Non-Orgasmic Woman

Dyspareunia, Breast,Female,Sexual Dysfunction,Female Sexual Dysfunction, Menopause Aches and Pains, Non-Orgasmic

Non-Orgasmic

Whether distressed by primary or situational dysfunction, must develop adaptations within areas of perceptual, behavioral, and philosophic experience. A non-orgasmic woman must learn or relearn to feel sexual (respond to sexual stimuli) within the context of and related directly to shared sexual activities with her partner as they correlate with the expression of her own sexual identity, mood, preferences, and expectations.

The bridge between her sexual feeling (perception) and sexual thinking (philosophy) essentially is established through comfortable use of verbal and nonverbal (specifically physical) communication of shared experience with her marital partner. Her philosophic adaptation to the acceptance and appreciation of sexual stimuli is further dependent upon the establishment of “permission” to express herself sexually.

Any alteration in the sexual value

system must, of course, be consistent with her own personality and social value system if the adaptation is to be internalized. Keeping in mind the similarities between male and female sexual response, the crucial factors most often missing in the sexual value system of the non-orgasmic woman are the pleasure in, the honoring of, and the privilege to express need for the sexual experience.

In essence, the restoration of sexual feeling to its appropriate psychosocial context (the primary focus of the therapy for the non-orgasmic woman) is the reversal of sexual dissembling. This, in turn, encourages a more supportive role for her sexuality. In the larger context of a sexual relationship, the freedom to express need is part of the “give-to-get” concept inherent in capacity and facility for effective sexual responsivity.

Professional direction must allow for woman’s justifiable, socially enhancing need for personal commitment, because her capacity to respond sexually is influenced by psychosocial demand.

Enjoyment of Sexual Expression

The commitment functions as her “permission” to involve herself sexually, when prior opportunities available to formation of a sexual value system have not included an honorable concept of her sexuality as a basis upon which to accept and express her sexual identity. Commitment apparently means many things to as many different women; most frequently encountered are the commitments of marriage or the promise of marriage, the commitment of love (real or anticipated) according to the interpretation of “love” for the particular individual.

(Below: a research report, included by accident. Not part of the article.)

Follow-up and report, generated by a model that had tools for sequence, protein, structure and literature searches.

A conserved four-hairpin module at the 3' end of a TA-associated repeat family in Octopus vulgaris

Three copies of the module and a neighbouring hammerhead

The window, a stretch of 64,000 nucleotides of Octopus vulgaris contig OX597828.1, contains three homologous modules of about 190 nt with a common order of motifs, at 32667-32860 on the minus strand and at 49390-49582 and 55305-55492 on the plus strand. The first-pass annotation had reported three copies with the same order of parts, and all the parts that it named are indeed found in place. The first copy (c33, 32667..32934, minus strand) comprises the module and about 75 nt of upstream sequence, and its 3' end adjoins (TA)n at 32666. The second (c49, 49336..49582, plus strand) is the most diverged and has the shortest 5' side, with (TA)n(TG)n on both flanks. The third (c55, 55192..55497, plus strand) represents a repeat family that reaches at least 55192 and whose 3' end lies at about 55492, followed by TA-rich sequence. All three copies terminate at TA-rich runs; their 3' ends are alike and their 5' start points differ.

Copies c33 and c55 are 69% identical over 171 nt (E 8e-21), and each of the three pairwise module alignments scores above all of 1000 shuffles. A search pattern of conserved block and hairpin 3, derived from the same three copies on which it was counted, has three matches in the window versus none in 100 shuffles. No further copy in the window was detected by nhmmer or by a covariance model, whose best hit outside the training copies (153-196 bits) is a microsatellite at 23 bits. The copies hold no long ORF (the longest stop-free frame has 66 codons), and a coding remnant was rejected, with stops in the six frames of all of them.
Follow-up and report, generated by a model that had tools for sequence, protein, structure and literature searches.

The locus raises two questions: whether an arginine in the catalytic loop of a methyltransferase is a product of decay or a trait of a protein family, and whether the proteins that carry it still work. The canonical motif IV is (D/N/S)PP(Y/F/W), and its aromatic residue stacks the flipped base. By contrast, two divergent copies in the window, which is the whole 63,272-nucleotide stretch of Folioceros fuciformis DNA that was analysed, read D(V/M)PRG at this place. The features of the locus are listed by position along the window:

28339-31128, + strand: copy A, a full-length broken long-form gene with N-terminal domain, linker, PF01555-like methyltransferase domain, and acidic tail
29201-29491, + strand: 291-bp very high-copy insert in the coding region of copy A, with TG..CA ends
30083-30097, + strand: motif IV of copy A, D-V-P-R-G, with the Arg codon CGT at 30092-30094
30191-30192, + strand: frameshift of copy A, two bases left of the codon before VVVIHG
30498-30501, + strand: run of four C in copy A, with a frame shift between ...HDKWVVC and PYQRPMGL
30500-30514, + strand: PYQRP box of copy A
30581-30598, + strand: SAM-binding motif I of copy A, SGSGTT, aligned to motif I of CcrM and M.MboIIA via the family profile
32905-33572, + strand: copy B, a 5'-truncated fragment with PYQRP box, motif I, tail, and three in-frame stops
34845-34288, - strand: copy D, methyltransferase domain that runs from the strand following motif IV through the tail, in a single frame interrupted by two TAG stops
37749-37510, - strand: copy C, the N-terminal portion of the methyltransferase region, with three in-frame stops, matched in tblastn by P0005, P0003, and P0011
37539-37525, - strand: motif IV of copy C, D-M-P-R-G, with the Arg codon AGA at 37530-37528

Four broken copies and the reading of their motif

Regardless of the form the commitment takes, after it is established the goal to be attained is enjoyment of sexual expression for its own positive return and for its enhancement of those involved.

During daily therapy sessions, interrogation of the sexually dysfunctional woman is designed to elicit material that expresses the emotions and thoughts that accompany the feelings (sexual or otherwise) developed by the sensate-focus exercise. Also continually explored are the feelings, thoughts, and emotions that are related to the behavior of her marital partner.

Her reactions when discussing material of sexual connotation are evaluated carefully to determine those things which may be contributing to ongoing inhibition or distortion being revealed by the regular episodes of psycho physiological interaction with her husband.

When a non orgasmic female involves herself with her partner in situations providing opportunities for effective sexual function, her ever-present need is to establish and maintain communication. Communication, both physical and verbal in nature, makes vital contributions, but it loses effectiveness in the rapid-treatment method if allowed to be colored by anger, frustration, or misunderstanding.

While verbal communication is encouraged throughout the two-week period, physical communication is introduced in progressive steps following the initial authoritative suggestion to provide a non demanding, warmly encompassing, shared experience for the woman, with optimal opportunity for feeling.

After the early return from sensate-focus opportunity as directed at the roundtable discussion has been judged fully effective by marital partners and cotherapists the marital couple is encouraged to move to the next phase in sensate pleasure genital manipulation.

The cotherapists should issue specific instructions to the marital partners as “permission” is granted to the female to enjoy genital play. Instructions should include details of positioning, approach, time span, and above all, a listing of ways and means to avoid the usual pitfalls of male failure to stimulate his partner in the manner she prefers rather than as she permits him the privilege to function.

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